This year, 2021, is a special year for Senglea as it marks the centenary from the solemn coronation of the titular statue of Maria Bambina.
This effigy, which was recorded to be in the Senglea parish in 1618, has been a source of devotion ever since. The act of love and devotion, manifested in the first years of the 18th century, when the Sengleans placed a silver crown on the Bambina’s head, anticipated the cherished expectation for the arrival of that day on which the statue would be solemnly crowned by a pontifical decree.
On March 1, 1920, Canon Joseph Adami, archpriest of Senglea, on behalf of the Chapter and the people of Senglea, formally presented to archbishop Mauro Caruana, OSB, the supplication to have the statue crowned. The archbishop, for his part, submitted the said request to Pope Benedict XV on March 31, 1920.
The positive decision was taken by the Vatican Chapter on April 25, 1920, and the rescript for the coronation was issued. The response, which came from Rome in such a short time, was felt as a sign of appreciation by the Blessed Virgin who wanted to reward the people of Senglea for the love they showed her.
The day set for the coronation was September 4, 1921. The Vatican Chapter delegated archbishop Caruana to place, on behalf of the same Chapter, the gold crown on the head of the statue of the Bambina. He was assisted in carrying out this rite by Mgr Giovanni Maria Camilleri, OESA, bishop of Gozo, and by Mgr Angelo Portelli, OP, titular bishop of Salimonte and auxiliary bishop.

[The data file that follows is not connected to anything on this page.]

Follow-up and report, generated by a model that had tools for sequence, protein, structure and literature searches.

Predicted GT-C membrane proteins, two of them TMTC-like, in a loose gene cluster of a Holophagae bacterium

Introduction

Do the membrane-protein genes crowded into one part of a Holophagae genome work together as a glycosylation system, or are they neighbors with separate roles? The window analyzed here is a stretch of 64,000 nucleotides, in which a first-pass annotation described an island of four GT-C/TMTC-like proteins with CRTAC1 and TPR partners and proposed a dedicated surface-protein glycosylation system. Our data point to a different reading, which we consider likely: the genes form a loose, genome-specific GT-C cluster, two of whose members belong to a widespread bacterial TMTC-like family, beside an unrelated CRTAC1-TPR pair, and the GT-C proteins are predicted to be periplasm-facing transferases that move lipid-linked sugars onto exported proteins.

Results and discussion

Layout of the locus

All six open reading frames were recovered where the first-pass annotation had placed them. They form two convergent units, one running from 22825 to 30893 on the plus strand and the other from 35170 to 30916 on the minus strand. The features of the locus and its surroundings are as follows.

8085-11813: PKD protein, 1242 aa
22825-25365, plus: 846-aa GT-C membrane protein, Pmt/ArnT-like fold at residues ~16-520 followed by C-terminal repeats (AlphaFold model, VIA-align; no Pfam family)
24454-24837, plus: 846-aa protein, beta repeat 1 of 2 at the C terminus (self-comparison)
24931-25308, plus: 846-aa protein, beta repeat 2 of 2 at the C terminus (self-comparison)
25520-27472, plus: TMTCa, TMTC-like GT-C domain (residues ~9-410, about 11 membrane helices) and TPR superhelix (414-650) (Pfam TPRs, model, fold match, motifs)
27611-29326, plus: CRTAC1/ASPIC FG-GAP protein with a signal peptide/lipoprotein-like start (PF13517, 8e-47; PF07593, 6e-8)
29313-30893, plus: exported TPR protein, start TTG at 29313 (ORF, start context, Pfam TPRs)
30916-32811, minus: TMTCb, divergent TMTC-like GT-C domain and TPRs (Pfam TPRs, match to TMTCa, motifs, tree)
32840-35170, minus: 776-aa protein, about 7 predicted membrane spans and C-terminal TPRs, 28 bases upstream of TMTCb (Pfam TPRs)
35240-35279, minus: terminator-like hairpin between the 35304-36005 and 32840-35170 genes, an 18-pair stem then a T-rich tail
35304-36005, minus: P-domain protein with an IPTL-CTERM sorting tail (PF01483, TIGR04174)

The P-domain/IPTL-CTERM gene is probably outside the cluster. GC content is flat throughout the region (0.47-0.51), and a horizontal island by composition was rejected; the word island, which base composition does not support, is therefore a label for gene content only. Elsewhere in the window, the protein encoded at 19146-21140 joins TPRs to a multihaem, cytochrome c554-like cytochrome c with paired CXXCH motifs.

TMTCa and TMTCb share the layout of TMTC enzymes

On that day, since the early afternoon, crowds of people, from all over Malta and Gozo, gathered at the Senglea marina where the ceremony was to take place. Multitudes of people on land, at sea, on rooftops, in galleries, in windows, on the ramparts of Cottonera and Valletta... everyone eagerly waited to witness this extraordinary coronation.
The statue of the Bambina was brought to the marina surrounded by the devout and joyful crowd. During the singing of the Ave Maris Stella, with music composed for the occasion by Paolino Vassallo, it was placed under the baldacchino, normally set up in Lija for the feast of Jesus the Saviour, but offered to the people of Senglea for such a special ceremony.
Archbishop Caruana, accompanied by the assistant bishops and other ministers, took the stage specially prepared, and placed the gold crown studded with precious stones on the head of the statue of the Bambina, a testimony to the love that the Maltese and, above all, the Sengleans, had towards her, and with a promise to continue to recognise her forever as their ‘Queen’.
After the coronation, the archbishop intoned the antiphon Regina Coeli, which continued to be sung by the choir accompanied by a large orchestra conducted by Vassallo.
Then, the statue, after being lowered from under the baldacchino, was solemnly transported back to the basilica amid the pealing of bells, the bursting of petards, showers of roses and flowers and the scent of incense.
At the end of the procession, the Te Deum was sung and the archbishop imparted the Eucharistic blessing. Afterwards, the coronation hymn which, as befitted such a great occasion, was written by Rev. Carmelo Psaila, the national poet of Malta, and was composed by Giuseppe Caruana, was sung for the first time.
The extraordinary solemnity of the coronation of the Bambina was never forgotten. It is one of the few days that began and continued to be recounted through the past century.
Although Senglea constantly manifested and annually showed special affection for the beloved feast of the Bambina on September 8, the event that occurred a century ago on September 4, 1921, remained engraved in the hearts of all those born in this town.